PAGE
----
Resources ⮞ The Browsers

This gives an overview of browsers past and present.

This page covers:  Access NetFront,  AOL,  AOL Compuserve,  AOL Desktop,  AOL Explorer,  AOL Netscape,  AOL OpenRide,  AOL TV,  Apple Safari,  Bitstream Bolt,  Brave,  DoCoMo iMode,  Dolphin,  Google Chrome,  HotJava,  IBM Home Page Reader,  IBM Web Browsers,  iCab,  Konqueror,  Lynx,  Microsoft Edge,  Microsoft Internet Explorer,  Microsoft MSN Explorer,  Microsoft MSN-TV Viewer,  Mosaic,  Mozilla & Friends (Firefox, SeaMonkey, Waterfox, etc.),  Nokia,  OmniWeb,  Opera,  RockMelt,  Skyfire,  Vivaldi,  W3C Amaya,  Yahoo Axis,  Yandex Browser.

Note : because this site focuses on browsers needed to test websites, it rarely covers browsers that are little used or that use standard engines from more common browsers.

Note : you may also wish to refer to Wikipedia’s list of web browsers.

Access NetFront Access NetFront

Access offers a mobile web browser, NetFront, which appears in mobile devices such as cellphones and the Amazon Kindle. Access provides some resources for website designers.

AOL AOL

This discusses the AOL browser suite for AOL subscribers. Other AOL browsers and browser suites are listed in the sidebar, with links to details.

Versions

Note: AOL doesn’t update the version number when it makes security updates.

AOL’s Future

AOL was originally an ISP and offered its flagship IE-based browsers only to its clients. But AOL seems to often try to reïnvent itself, and in the process has produced a bewildering range of browsers and browser suites, using a number of different browser engines.

AOL’s flagship browsers have always used IE (except for one MacOS version which used Gecko), but its other browsers — Compuserve, Desktop for Mac, Explorer, Netscape, etc. — have used various versions of AppleWebKit, Gecko, and Safari: one, Netscape 8, used both Gecko and IE.

AOL has also abandoned several of its browsers, e.g. Compuserve and OpenRide. Right now (Apr 2008) AOL appears to be pushing different browser suites in different areas, e.g. AOL Desktop 10 for Windows in the U.S.A., and AOL 10VR (a very different product) in Canada.

One can only assume that an ever changing kaleidoscope of browsers will appear in the future.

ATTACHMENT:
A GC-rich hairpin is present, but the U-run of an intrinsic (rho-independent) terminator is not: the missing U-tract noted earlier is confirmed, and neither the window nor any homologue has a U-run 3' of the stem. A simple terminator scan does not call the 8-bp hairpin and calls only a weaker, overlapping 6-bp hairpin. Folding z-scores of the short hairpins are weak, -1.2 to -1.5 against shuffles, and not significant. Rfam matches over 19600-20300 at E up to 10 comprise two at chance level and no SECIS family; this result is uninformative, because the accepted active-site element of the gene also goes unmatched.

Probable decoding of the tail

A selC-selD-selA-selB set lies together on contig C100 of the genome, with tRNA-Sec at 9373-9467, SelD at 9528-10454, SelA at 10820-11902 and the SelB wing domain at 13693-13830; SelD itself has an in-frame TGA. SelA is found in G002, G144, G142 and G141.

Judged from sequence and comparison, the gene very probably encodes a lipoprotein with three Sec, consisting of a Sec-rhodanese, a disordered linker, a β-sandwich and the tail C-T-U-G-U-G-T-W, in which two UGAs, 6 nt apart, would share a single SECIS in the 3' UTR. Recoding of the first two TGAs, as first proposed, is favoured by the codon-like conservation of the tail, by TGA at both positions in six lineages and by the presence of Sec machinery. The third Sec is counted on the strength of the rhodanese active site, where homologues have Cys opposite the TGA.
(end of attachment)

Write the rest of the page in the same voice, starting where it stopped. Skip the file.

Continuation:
Designing for AOL

See AOL’s Webmaster Info site to learn how to craft web pages for AOL browsers.

Note that the AOL browsers use browser engines created by others: sometimes Trident (the Internet Explorer engine), sometimes Gecko (the Mozilla engine), and sometimes AppleWebKit (the Safari KHTML engine).

Caution About Updates

AOL often updates its browsers without telling news services, so the version number of the latest version may be off.

AOL often offers different versions to different countries, with the U.S. getting the latest version; other countries may never get the latest version.

AOL-Compuserve AOL-Compuserve

AOL acquired Compuserve years ago, and offered this browser for its subscribers. Versions up to 6 use Internet Explorer as its browser engine; later versions use Gecko.

AOL killed the Compuserve service in Jun 2009.

Versions

Caution

The Compuserve browsers haven’t been updated for a very long time, and use browser engines which are now extinct, so no one should be using a Compuserve browser. When tested in Nov 2007, the Compuserve home page wouldn’t work with Firefox, but it would work with IE, so it would seem that an IE-based browser would be best for those who choose the Compuserve service.

AOL AOL Desktop

There are two completely different products with this name: AOL Desktop (for Windows), and AOL Desktop (for Mac).

AOL Desktop

AOL Desktop for Windows is a browser suite for Windows, using Internet Explorer. It was once named Helix, and may be considered a replacement for the defunct OpenRide.

Uses Internet Explorer Browser Engine AOL Desktop 10: this was released Dec 6, 2007 as AOL Desktop 2.0, then silently renamed sometime later to AOL Desktop 10 [get it⮞. Note that there was no version 1.0; this suggests that OpenRide is deemed version 1.

AOL Desktop for Mac

AOL Desktop for Mac MacOS is a browser suite for MacOS, apparently using Apple’s AppleWebKit.

Uses KHTML Browser Engine AOL Desktop for Mac 1.0: this was released May 5, 2008 after the release of numerous betas; 1.5 appeared Dec 15, 2008; 1.7 appeared in Nov 2010. [get it⮞

AOL Explorer AOL Explorer